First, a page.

The year I first cracked open a book of Talmud was 2006, and life was pretty good. I was a moderate liberal filled with the righteous indignation of the Bush years, I was a 19-year-old Birthright-style Zionist in Israel (The Land Flowing With Beer and Single Jews My Age), and I was a loyal and proud son of the Conservative Jewish movement. Sure, life wasn’t perfect. I had an undiagnosed panic disorder, no girlfriend, and my friends back in the states missed me, and I missed them. But surely the Democrats were about to sweep the midterms, and with Israel withdrawing from Gaza, peace couldn’t be many years away, right? Talmud was an exciting intellectual adventure, and a necessary step on my way to the Rabbinate. As the foundation of Jewish religious thought, Talmud would clarify the complicated Halakhic discussions that I had been told were the heart of Jewish life. At that time, my religious life and my political beliefs were distinct.
Now it’s 2015, and I’m angry. I’m angry about the corrupt and violent “justice” system in America. I’m angry about the millions of deportations. I’m angry that women’s reproductive rights are being eroded almost daily. I’m angry that Israel, a state that claims to represent my values as a Jew, maintains military rule over millions of people. And I’m angry that the majority of Jewish leadership is silent on these issues. In short, I’m your average outraged radical leftist, looking to tear down the structures of our world and put up new ones.
So what changed me? Simple, really: Talmud.
Oh, there were lots of betrayals of trust by governments and politicians, lots of shocking revelations, lots of long, hard conversations. But the reason I’m a radical leftist, the reason I believe in taking to the streets and demanding a better world, is Talmud.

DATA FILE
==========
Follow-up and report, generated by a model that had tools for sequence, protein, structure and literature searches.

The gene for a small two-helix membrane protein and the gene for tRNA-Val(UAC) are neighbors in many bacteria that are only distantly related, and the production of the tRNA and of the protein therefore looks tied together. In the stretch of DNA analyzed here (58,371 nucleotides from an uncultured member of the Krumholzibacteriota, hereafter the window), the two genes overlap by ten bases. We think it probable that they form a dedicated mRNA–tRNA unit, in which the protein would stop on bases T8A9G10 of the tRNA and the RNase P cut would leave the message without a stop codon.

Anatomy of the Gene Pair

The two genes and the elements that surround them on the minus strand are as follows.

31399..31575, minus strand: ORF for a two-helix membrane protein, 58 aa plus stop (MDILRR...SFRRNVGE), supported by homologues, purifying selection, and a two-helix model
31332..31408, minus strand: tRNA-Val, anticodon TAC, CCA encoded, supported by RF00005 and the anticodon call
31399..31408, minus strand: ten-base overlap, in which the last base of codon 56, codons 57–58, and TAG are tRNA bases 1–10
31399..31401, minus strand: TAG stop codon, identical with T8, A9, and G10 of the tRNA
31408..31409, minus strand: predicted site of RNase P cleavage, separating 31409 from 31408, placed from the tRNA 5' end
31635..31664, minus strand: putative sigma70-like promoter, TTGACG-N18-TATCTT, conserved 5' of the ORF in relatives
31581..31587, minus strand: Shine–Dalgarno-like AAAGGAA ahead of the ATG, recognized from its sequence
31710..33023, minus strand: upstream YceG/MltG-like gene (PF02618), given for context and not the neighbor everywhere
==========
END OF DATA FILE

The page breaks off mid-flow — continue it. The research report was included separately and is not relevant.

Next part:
Talmud is a deeply conservative book, true. It was written by the rabbis of Roman Palestine and Sassanid Babylon, an elite class of religious leaders with ties to imperial power who trace their lineage and their right to rule to a divine revelation. But that’s just the history. In content and methodology, the Talmud is deeply subversive. There is not a single law that isn’t reexamined, reversed, and re-reversed. The rabbis regularly overthrow one another’s viewpoints. There is no power, including the Divine Power, that is not challenged and questioned. Talmud is a revolution, printed on the page.
I am fascinated by the Talmud and the hold it has over me and Judaism. That’s why I started the podcast “Radio Free Babylonia,” which is produced by Jewish Public Media (@JPMediaCo) and debuted this past week. I am excited that the project will be appearing alongside the other great shows Jewish Public Media is producing, but mostly I’m excited to share the Talmud I’ve come to know and love, that powers my belief in a more just and beautiful world. Radio Free Babylonia examines class, race, sex and privilege as matters of Talmudic inquiry. We will be calling out the Talmud for its sins and using the Talmud to call out our own ignorance and bias. We are pulling a heist, an emergency rescue mission. We will find Talmud where it has been wasting away, in all its academic pomposity and yeshivish insularity. We will smash and grab all of that ideology, and argumentation, and brilliance, get it out of the ivory tower and onto the streets.
Talmud radicalized me. I’m sure as hell gonna try and return the favor.